Rules Don’t Apply

Year: 2016
Production Co: Regency Enterprises
Studio: Fox Searchlight
Director: Warren Beatty
Producer: Warren Beatty
Writer: Warren Beatty
Cast: Alden Ehrenreich, Lily Collins, Warren Beatty, Matthew Broderick, Candice Bergen, Martin Sheen, Paul Sorvino, Haley Bennett, Ed Harris, Amy Madigan, Oliver Platt, Alec Baldwin

Back when they were promoting Dick Tracy I remember a story in the media entitled Warren Beatty's Last Chance, no doubt referring to the huge gamble he and his studio were making on a project that – back then at least – seemed like a long bow to draw. It also came after a long time away from the spotlight to the extent that kids who grew up watching movies in the 80s and 90s probably didn't know the first thing about his storied career even that long ago.

So the question that inevitably comes up around Beatty's first movie in 15 years is whether anyone apart from fusty film journalists over 50 will care.

The answer from audiences was a resounding 'no', and it's hard to say why. It might be because Beatty had faded into obscurity long before most of the primary movie-going audience of today was even born, but it also might be that (according to the narrative about the long-gestating passion project), he threw the original story out and decided to make it about two kids who work for Howard Hughes rather than Hughes himself.

Maybe audiences who did show up were looking for another insight into his psychology after Scorsese's The Aviator, and they didn't get it.

To the extent he cares about his box office performance, Beatty might also be feeling very bitter about the success of Damien Chazelle's La La Land, because a large element of Rules Don't Apply is a love letter to Hollywood's golden age.

The story deals with Frank (soon-to-be Han Solo Alden Ehrenreich), a driver employed by the mysterious industrialist, and Marla (Lily Collins), an ingénue installed in one of Hughes many Hollywood Hills homes for work in his movies.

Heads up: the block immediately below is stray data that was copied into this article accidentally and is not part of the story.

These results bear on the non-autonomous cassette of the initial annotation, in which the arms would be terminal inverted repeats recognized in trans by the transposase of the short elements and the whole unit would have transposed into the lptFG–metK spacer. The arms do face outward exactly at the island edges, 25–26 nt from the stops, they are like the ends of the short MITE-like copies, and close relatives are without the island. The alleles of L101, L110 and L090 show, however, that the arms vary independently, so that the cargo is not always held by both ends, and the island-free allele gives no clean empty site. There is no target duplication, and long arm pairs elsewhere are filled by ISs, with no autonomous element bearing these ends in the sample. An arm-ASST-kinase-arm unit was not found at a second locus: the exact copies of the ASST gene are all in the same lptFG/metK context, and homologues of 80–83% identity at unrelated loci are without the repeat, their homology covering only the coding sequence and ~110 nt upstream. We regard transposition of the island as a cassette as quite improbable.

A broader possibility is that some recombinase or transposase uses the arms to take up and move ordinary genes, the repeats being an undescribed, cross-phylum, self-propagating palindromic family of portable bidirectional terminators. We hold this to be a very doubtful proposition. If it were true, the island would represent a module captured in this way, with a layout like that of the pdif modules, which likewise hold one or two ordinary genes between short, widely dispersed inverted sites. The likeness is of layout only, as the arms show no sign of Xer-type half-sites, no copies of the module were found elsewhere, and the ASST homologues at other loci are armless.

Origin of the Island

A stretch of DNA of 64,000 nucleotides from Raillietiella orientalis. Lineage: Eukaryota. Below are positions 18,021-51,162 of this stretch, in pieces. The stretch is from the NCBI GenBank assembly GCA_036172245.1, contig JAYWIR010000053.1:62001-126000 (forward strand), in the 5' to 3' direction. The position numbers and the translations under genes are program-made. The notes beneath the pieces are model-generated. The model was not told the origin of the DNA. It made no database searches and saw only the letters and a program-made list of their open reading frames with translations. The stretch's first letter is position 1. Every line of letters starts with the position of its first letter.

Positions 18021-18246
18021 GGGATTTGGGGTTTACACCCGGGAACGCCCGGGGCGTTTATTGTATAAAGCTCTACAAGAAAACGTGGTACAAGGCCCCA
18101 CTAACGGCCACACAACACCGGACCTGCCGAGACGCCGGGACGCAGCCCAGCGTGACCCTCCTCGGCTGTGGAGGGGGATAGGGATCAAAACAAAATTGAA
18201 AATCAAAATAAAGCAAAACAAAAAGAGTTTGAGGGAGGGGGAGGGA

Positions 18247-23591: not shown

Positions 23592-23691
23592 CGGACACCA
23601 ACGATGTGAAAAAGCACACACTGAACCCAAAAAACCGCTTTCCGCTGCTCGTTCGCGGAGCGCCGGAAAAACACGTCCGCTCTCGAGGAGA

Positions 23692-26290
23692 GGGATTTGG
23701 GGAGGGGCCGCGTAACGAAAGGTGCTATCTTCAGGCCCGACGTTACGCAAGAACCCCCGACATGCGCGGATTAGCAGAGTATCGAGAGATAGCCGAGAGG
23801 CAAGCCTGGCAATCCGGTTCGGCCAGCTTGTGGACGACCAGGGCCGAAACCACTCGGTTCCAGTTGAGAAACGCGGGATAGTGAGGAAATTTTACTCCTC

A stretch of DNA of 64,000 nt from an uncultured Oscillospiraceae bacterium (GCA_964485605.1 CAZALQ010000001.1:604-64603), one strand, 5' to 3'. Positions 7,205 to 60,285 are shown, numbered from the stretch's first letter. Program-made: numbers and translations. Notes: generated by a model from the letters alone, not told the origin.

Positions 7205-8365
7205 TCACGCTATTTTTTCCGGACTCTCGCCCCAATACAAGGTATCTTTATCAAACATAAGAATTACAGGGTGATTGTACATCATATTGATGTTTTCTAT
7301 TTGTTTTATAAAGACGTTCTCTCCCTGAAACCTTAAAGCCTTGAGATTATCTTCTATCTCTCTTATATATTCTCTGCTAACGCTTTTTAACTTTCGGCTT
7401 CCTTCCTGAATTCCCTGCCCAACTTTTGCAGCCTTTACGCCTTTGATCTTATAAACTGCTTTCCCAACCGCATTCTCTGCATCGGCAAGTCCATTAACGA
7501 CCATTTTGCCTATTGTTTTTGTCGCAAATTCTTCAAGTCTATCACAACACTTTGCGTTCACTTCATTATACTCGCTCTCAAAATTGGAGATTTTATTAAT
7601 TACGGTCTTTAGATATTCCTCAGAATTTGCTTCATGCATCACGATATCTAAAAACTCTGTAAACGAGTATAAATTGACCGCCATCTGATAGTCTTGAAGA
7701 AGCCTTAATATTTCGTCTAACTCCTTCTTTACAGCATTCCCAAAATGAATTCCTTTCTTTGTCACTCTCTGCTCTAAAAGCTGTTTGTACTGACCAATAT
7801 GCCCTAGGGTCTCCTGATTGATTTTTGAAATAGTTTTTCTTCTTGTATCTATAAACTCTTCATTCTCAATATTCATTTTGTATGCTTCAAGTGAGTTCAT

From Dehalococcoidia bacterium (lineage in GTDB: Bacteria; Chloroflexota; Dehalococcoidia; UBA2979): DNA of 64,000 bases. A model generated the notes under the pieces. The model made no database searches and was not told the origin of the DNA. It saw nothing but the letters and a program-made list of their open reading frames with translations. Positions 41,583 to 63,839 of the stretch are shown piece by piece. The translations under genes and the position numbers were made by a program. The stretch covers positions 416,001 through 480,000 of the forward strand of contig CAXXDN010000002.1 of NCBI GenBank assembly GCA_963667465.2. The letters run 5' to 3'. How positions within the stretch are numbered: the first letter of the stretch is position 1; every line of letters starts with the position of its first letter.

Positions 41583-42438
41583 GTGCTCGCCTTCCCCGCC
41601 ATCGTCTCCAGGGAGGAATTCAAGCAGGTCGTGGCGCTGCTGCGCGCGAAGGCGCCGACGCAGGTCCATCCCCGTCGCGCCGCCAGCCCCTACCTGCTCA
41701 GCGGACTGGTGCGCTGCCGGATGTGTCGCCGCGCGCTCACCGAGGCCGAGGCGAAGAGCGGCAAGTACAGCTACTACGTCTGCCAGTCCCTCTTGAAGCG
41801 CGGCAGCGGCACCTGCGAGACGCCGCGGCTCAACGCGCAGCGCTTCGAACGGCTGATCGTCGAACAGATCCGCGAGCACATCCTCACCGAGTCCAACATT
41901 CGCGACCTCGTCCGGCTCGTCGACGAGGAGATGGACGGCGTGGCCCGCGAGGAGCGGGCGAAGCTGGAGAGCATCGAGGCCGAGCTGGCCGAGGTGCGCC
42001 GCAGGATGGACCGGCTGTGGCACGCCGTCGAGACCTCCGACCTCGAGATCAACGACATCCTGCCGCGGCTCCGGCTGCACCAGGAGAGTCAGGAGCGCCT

Both of them go about their duties, not laying eyes on Hughes for weeks, in Marla's case growing bored in the beautiful house she's sharing with her conservative mother (Annette Bening) waiting for a screen test or audition.

The two slowly start to develop feelings for each other, all the while mindful of Hughes edict that none of his employees fraternise with each other, and eventually we get to see the famous recluse in a couple of scenes of mystery and anticipation that befit his status.

Unfortunately, as if Beatty didn't have enough faith that his subject would be interesting enough, Hughes is a mere support role. He's in it enough of the running time from then on, but the story constantly moves away from him towards the (much blander) love story.

It's even more bewildering because the glimpses we get of Hughes as a character are more interesting than anything going on with Marla and Frank. More than once he refers to his father, a figure he appears to deify and can't possibly live up to, and there's his strange and contradictory treatment of the many women who work for him and his iconic personal quirks.

It all hints at a far more complex movie than the one we're given (as does the high quality among the rest of the cast), and if Beatty is only going to do a movie every 15 years from now on, Dick Tracy might well have been his last chance.

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